A heart is a muscle, and requires continuous supply of blood to keep it healthy and beating. As we get older, the smooth inner walls of the arteries that supply the blood to the heart can become damaged and narrow due to the buildup of fatty materials, called plaque. When an area of plaque breaks, blood cells and other parts of the blood stick to the damaged area and form blood clots. A heart attack occurs when a blood clot completely blocks the flow of blood and reduces blood flow to the heart muscle causing chest pain which is one of the most common experience. It is important to visit a doctor who will further investigate with some preliminary test such as Electrocardiogram (ECG), and blood tests to detect the presence of some heart proteins. Coronary catheterization (Angiogram) helps to evaluate and confirm the areas of blockage in the arteries and evaluate heart muscle function to decide the further course of treatment such as Coronary angioplasty or Coronary artery Bypass Graft (CABG).
Coronary Angioplasty is a popular procedure done by specialists (Interventional Cardiologists)
What is Coronary Angioplasty ?
A non-surgical interventional procedure performed by Cardiologists to open narrowed coronary arteries to improve the blood flow to the heart. The procedure starts similarly to a Coronary Angiogram till the catheter is in place to perform Balloon angioplasty, Stent Placement. Angioplasty with stenting is most commonly recommended for patients who have a blockage in one or two coronary arteries. An Angioplasty takes about 30 minutes to about 2 hours’ from the start to the finish of the procedure. The procedure is usually performed in a Cathlab part of the cardiology unit under local anesthesia to numb the area of either the groin or the wrist. The patient is usually awake during the procedure. The consulting specialist (interventional cardiologist) guides up the catheter up the heart to reach the narrowed or blocked arteries which is detected on monitor. Normally the catheter is ballooned up to remove the plaques attached to the walls of the artery. This procedure is also referred to as Balloon angioplasty and leads to widening of the artery and thereby improving the blood flow to the heart. Other modifications of the angioplasty may include use of a stent which is referred to as PTCA (Percutaneous transluminal coronary angioplasty)/PCI (Percutaneous coronary intervention) and Rotablation procedure where the tip of the instrument is used to grind the atherosclerotic plaque away.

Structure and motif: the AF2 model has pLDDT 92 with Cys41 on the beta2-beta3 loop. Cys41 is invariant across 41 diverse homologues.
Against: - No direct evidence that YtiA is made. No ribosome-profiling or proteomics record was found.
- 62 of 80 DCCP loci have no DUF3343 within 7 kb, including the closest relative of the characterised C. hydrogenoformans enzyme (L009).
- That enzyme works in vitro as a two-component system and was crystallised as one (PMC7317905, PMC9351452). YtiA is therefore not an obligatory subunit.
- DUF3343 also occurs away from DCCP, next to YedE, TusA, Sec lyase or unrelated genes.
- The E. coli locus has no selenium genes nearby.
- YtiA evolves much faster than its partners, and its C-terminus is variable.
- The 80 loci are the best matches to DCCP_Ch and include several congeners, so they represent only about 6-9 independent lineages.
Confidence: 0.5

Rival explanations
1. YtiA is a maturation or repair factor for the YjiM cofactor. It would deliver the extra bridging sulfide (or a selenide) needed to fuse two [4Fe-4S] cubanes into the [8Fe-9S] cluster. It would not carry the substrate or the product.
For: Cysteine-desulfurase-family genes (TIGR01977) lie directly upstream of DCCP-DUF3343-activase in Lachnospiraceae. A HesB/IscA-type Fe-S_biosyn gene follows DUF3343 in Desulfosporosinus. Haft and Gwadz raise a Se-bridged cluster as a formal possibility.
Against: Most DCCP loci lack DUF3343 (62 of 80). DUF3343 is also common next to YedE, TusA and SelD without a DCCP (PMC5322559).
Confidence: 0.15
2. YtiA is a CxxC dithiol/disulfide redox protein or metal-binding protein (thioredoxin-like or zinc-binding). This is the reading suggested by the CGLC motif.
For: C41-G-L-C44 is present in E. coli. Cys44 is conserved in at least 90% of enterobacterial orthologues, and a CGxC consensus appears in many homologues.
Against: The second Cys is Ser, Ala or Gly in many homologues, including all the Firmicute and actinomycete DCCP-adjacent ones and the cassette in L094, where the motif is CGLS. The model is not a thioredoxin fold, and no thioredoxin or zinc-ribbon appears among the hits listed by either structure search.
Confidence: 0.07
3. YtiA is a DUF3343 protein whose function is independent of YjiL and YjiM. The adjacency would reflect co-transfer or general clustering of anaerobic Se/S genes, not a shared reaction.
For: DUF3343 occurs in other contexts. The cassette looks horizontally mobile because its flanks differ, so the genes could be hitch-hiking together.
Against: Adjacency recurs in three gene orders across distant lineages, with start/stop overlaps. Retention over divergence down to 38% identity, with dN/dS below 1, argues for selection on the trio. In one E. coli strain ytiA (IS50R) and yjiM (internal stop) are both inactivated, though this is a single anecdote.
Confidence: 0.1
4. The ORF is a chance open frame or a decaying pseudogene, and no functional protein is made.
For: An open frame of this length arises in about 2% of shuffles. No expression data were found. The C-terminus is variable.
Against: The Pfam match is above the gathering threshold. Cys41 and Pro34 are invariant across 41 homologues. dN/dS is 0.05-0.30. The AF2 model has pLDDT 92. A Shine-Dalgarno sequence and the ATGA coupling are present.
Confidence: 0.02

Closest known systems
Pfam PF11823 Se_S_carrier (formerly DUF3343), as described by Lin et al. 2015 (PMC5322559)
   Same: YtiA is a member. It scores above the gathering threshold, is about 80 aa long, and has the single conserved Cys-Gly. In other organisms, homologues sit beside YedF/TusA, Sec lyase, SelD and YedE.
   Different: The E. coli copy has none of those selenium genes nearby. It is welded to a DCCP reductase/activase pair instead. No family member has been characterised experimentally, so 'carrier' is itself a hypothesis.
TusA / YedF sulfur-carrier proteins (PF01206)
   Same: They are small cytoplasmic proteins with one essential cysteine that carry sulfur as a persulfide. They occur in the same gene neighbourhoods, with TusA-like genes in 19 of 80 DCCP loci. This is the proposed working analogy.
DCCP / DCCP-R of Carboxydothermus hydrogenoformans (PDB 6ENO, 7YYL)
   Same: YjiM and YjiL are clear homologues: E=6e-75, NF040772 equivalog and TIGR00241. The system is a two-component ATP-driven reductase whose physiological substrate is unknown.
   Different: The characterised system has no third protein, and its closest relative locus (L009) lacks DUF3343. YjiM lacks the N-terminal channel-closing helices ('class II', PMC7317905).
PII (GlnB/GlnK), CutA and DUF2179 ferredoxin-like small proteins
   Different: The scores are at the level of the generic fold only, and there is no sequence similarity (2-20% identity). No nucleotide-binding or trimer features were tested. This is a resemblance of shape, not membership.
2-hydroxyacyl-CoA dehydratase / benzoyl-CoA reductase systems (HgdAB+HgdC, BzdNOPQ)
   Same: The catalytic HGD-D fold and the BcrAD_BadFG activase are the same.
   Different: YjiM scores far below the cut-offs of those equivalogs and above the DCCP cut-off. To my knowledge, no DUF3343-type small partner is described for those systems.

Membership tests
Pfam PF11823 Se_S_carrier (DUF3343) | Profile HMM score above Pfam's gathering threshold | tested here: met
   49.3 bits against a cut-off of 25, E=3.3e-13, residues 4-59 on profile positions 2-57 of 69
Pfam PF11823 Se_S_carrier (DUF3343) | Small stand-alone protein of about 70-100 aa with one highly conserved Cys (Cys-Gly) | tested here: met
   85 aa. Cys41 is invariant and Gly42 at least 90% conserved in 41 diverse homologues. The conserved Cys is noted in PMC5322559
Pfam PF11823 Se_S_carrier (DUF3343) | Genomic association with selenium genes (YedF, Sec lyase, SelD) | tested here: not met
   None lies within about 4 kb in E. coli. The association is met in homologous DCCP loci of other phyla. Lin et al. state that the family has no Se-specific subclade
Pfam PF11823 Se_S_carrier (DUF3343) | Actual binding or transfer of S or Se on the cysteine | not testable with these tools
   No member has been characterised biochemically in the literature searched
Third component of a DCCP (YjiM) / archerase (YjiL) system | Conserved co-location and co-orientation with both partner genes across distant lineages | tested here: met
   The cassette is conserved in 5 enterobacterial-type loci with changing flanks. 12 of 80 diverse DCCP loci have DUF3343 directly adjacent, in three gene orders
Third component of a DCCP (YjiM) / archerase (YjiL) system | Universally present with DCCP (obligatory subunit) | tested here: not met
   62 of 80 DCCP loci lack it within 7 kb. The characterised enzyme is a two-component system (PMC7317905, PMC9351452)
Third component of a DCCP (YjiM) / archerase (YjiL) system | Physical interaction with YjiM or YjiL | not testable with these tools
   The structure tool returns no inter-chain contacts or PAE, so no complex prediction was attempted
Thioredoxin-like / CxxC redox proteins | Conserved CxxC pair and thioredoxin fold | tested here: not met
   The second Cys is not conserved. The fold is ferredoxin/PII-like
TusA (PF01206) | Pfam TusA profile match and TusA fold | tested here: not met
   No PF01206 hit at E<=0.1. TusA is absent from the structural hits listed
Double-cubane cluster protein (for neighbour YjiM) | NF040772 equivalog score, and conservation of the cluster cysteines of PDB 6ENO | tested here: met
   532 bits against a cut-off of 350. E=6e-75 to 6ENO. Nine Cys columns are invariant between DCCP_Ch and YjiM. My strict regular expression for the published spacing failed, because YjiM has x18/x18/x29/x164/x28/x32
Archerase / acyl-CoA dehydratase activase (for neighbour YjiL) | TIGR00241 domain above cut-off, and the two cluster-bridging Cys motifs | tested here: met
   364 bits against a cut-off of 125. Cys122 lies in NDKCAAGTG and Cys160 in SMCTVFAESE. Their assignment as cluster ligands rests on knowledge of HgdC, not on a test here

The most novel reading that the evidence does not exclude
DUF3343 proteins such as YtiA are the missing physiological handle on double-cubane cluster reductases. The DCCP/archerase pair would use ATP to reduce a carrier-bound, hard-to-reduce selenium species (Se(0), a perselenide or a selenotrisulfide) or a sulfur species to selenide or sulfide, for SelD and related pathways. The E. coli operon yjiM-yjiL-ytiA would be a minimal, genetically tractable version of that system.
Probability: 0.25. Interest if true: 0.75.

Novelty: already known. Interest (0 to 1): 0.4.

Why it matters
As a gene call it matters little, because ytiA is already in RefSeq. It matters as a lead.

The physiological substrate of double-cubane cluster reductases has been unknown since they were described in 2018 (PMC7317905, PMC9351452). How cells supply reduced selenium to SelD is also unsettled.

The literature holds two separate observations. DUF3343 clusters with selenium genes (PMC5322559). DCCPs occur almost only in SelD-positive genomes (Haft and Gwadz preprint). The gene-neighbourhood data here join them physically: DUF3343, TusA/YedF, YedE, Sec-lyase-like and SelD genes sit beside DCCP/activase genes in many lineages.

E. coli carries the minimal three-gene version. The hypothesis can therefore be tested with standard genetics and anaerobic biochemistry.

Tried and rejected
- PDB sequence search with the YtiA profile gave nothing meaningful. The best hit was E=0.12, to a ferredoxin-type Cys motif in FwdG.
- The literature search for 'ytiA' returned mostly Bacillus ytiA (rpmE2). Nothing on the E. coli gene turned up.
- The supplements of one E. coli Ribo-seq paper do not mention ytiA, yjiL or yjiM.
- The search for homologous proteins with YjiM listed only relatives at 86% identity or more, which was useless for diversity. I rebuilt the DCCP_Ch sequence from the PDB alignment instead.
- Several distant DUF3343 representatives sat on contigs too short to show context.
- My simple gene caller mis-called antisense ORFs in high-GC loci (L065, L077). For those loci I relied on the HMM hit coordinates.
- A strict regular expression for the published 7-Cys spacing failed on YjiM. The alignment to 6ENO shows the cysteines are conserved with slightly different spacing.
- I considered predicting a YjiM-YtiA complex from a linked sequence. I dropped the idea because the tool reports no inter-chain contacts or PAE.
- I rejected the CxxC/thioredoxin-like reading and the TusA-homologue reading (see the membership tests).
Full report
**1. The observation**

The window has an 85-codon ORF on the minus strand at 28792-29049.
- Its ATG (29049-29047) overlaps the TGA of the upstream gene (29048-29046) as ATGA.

What happens after the Coronary Angioplasty procedure ?
After the angioplasty procedure the patient is shifted to a cardiac care unit for close monitoring. Once the patient is stable, patient is shifted to the wards for a few days before the discharge process is initiated. Medication as per Cardiologist advice is very critical. The patient is advised to see the consultant specialist for routine follow up, modify lifestyle by regular exercise, and healthy diet.
How to find cardiologists for Coronary Angioplasty?
You can find and reach cardiologists for coronary Angioplasty from different hospitals and destinations on a single platform, Hinfoways. You can avail advice from multiple cardiologists, get approximate cost from various heart hospitals, compare and then choose your cardiologist.
Disclaimer: The content provided here is meant for general informational purposes only and hence SHOULD NOT be relied upon as a substitute for sound professional medical advice, care or evaluation by a qualified doctor/physician or other relevantly qualified healthcare provider.